Join the Teal Pumpkin Project

Every child should be able to experience the joy and tradition of trick-or-treating on Halloween. But kids with food allergies are often left out of the fun, since so much candy is off limits.

FARE’s (Food Allergy Research & Education) Teal Pumpkin Project helps make sure all children will come home on Halloween night with something they can enjoy.

October Teal Pumkin Project

Help create a safer, happier Halloween for all!

  1. Provide non-food treats for trick-or-treaters: glow sticks, mini slinkies, spider ringers, vampire fangs.
  2. Place a teal pumpkin in front of your home to indicate you have non-food treats available to passersby.
  3. Display a printable poster from FARE to explain the meaning of your teal pumpkin.

Now is the time to get your 2016 - 2017 flu vaccine

Getting an annual flu vaccine is the first and best way to protect yourself and your family from the flu. Flu vaccination can reduce flu illnesses, doctors’ visits, and missed work and school due to flu, as well as prevent flu-related hospitalizations. The more people who get vaccinated, the more people will be protected from flu, including older people, very young children, pregnant women and people with certain health conditions who are more vulnerable to serious flu complications.

Everyone 6 months and older should get a flu vaccine every year by the end of October, if possible. However, getting vaccinated later is OK. Vaccination should continue throughout the flu season, even in January or later.

Two new flu vaccines are available this year. One protects against four strains of flu instead of just three. The other contains a substance known as an "adjuvant," which boosts the vaccine's effectiveness.

Health officials are recommending that most people get whichever version of flu shot is most readily available to them rather than wait for a specific version.

The nasal spray form of the influenza vaccine should not be used this flu season, according to the US Centers for Disease Control and Prevention's Advisory Panel on Immunization Practices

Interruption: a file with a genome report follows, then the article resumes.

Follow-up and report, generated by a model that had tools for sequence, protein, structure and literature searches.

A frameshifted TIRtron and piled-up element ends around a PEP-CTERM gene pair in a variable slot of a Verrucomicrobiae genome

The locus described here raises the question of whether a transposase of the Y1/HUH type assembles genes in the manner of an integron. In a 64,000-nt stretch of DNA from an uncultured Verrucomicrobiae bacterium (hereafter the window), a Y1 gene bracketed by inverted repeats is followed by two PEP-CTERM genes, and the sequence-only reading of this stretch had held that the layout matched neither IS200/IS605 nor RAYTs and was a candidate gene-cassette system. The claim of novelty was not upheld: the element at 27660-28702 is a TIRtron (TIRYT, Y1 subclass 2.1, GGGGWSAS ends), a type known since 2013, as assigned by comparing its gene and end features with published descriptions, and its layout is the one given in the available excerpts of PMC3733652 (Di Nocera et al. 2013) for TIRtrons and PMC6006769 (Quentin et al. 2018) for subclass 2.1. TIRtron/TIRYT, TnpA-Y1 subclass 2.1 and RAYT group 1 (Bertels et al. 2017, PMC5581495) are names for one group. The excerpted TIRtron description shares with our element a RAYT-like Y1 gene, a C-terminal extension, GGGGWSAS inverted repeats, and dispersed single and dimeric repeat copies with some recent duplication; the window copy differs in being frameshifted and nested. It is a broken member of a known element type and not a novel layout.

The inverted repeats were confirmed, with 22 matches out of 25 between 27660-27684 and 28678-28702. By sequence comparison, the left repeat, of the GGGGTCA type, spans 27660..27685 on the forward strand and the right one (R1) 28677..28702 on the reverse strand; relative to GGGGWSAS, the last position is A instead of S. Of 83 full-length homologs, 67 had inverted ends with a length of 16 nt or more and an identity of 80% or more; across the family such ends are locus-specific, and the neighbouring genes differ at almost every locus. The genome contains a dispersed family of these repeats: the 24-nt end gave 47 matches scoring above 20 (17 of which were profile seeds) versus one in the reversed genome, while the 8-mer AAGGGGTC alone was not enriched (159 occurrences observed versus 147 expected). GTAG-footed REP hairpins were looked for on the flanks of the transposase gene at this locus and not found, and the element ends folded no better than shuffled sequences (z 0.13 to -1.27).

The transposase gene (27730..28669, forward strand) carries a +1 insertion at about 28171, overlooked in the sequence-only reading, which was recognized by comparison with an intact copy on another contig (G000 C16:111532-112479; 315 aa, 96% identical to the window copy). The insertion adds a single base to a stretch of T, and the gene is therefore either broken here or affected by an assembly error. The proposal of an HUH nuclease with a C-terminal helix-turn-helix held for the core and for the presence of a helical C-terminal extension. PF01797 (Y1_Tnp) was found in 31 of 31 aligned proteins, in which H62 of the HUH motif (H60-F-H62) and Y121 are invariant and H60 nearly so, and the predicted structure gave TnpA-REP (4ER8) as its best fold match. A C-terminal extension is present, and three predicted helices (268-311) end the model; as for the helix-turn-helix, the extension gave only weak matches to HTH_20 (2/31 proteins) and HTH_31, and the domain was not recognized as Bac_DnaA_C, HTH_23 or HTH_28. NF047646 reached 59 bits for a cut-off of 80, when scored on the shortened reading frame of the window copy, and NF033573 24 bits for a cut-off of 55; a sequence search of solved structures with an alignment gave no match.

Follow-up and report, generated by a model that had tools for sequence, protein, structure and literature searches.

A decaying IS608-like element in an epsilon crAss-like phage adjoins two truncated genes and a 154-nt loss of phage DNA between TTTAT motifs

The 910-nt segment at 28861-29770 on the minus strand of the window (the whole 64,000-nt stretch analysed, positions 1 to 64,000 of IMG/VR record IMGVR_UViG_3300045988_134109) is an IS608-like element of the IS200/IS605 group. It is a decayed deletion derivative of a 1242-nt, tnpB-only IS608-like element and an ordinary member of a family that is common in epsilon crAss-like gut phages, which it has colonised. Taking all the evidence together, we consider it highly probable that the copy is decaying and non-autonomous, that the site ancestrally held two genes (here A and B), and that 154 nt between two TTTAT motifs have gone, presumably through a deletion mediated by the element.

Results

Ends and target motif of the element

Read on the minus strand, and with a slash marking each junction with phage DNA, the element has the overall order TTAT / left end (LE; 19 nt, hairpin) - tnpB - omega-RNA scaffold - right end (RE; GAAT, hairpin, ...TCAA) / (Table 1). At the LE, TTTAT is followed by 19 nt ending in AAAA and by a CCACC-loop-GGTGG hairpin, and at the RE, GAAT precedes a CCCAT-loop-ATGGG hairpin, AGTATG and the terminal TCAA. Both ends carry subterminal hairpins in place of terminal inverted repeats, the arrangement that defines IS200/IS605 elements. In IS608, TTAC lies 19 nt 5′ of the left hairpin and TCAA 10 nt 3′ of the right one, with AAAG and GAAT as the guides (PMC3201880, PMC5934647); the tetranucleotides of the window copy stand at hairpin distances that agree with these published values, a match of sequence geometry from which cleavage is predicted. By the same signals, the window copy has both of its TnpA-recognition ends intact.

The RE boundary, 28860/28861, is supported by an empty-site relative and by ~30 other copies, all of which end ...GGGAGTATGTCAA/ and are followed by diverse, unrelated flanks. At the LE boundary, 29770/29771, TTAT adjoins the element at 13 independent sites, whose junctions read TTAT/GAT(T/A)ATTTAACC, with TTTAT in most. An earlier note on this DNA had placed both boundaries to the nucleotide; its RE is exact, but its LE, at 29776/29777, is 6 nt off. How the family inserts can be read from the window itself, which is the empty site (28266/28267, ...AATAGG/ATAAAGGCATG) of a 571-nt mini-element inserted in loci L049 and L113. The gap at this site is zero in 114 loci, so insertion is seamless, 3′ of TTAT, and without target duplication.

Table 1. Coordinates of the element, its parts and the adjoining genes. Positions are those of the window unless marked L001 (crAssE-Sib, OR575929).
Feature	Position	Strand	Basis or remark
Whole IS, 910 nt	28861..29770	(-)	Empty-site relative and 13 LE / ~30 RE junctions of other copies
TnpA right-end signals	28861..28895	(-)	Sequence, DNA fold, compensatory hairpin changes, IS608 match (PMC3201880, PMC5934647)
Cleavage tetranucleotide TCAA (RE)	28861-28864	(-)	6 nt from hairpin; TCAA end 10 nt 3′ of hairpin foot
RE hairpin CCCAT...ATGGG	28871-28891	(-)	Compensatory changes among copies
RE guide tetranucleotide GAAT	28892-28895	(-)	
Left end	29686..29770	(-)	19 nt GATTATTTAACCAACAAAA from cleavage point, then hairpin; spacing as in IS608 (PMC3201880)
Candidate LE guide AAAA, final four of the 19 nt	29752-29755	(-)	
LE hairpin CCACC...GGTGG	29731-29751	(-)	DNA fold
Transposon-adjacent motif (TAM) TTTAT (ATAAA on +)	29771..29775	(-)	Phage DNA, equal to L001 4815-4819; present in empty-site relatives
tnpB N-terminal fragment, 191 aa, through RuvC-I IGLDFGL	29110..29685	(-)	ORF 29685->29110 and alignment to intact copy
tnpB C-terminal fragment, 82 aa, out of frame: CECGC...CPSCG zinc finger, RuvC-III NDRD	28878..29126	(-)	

(ACIP). ACIP said it reviewed data from 2013 through 2016 to assess the effectiveness of the nasal spray for children aged 2 to 17. These new studies found that FluMist offered children virtually no protection against the flu. In the 2015-16 flu season, the nasal flu vaccine's protection rate was only 3%, which means that no protective benefit could be measured, the panel explained. It's effectiveness in the previous 2 flu seasons was also low. In comparison, the traditional flu shot was 63% effective among children aged 2 to 17 during the 2015-16 flu season, ACIP said.

Does being allergic to egg mean you should not get the vaccine?

Recent studies have shown that even individuals with confirmed egg allergy can safely receive the flu vaccine. The Joint Task Force on Practice Parameters of the American Academy of Allergy Asthma and Immunology and the American College of Allergy Asthma and Immunology as well as the American Academy of Pediatrics state that no special precautions are required for the administration of influenza vaccine to egg-allergic patients no matter how severe the egg allergy. The normal precautions for giving any vaccine to any patient should be followed, namely recognizing that about one in a million doses of any vaccine results in a serious allergic reaction, and vaccine providers should be prepared to recognize and treat such reactions. If you have any questions regarding your or your loved ones’ egg allergy and receiving the flu vaccine please give us a call.

Congratulations Jessica Lee, RN

Please join us in celebrating Jessica as she reaches her 25th anniversary of employment at The Allergy & Asthma Clinic. Clearly, reaching this milestone is a very special occasion for her and the Clinic since it is a testimony of her loyalty to The Allergy and Asthma Clinic over the years.

Jessica is an invaluable member of our team and her ongoing contributions are vital for The Allergy & Asthma Clinic to continue to be successful. All of the Clinic’s achievements are made possible because of her individual efforts as well as the efforts of her team members. We are so pleased to say thank you for the thousands of little things she does every day that add to the high quality care we are able to give to our patients and for her hard work and ongoing dedication. We look forward to a continued bright and successful future together, with Jessica continuing to shine!

Download October 2016 Newsletter (opens in PDF)